Syrian President Bashar Assad told The Sunday Telegraph that intervention against his regime could cause "another Afghanistan".
Western countries "are going to ratchet up the pressure, definitely," he said. "But Syria is different in every respect from Egypt, Tunisia, Yemen. The history is different. The politics is different.
"Syria is the hub now in this region. It is the fault line, and if you play with the ground you will cause an earthquake … Do you want to see another Afghanistan, or tens of Afghanistans?
"Any problem in Syria will burn the whole region. If the plan is to divide Syria, that is to divide the whole region."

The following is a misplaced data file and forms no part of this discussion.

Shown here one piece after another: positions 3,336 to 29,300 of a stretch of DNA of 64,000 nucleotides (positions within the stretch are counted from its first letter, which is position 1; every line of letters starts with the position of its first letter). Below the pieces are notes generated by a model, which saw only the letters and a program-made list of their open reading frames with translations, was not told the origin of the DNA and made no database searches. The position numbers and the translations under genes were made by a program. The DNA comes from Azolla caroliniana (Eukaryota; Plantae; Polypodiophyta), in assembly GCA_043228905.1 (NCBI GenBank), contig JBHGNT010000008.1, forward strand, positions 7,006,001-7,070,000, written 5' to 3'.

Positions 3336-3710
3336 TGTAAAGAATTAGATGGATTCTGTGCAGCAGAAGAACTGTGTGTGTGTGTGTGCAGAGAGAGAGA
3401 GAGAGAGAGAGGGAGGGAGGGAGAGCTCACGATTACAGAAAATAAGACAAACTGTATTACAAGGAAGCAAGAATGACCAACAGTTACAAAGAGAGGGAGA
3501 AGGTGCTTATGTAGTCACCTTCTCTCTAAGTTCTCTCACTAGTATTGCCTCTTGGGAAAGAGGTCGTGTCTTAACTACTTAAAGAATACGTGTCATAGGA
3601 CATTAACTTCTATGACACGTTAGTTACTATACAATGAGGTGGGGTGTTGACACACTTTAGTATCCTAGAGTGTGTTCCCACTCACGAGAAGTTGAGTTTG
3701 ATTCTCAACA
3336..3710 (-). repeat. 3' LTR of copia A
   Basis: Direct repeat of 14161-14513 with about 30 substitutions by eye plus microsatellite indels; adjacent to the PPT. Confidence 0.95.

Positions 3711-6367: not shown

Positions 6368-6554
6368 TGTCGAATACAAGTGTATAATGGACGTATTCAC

The Syrian leader admitted that "many mistakes" had been made by his forces in the early part of the uprising, but insisted that only "terrorists" were now being targeted. "We have very few police, only the army, who are trained to take on al-Qaeda," Assad said. "If you sent in your army to the streets, the same thing would happen. Now, we are only fighting terrorists. That's why the fighting is becoming much less."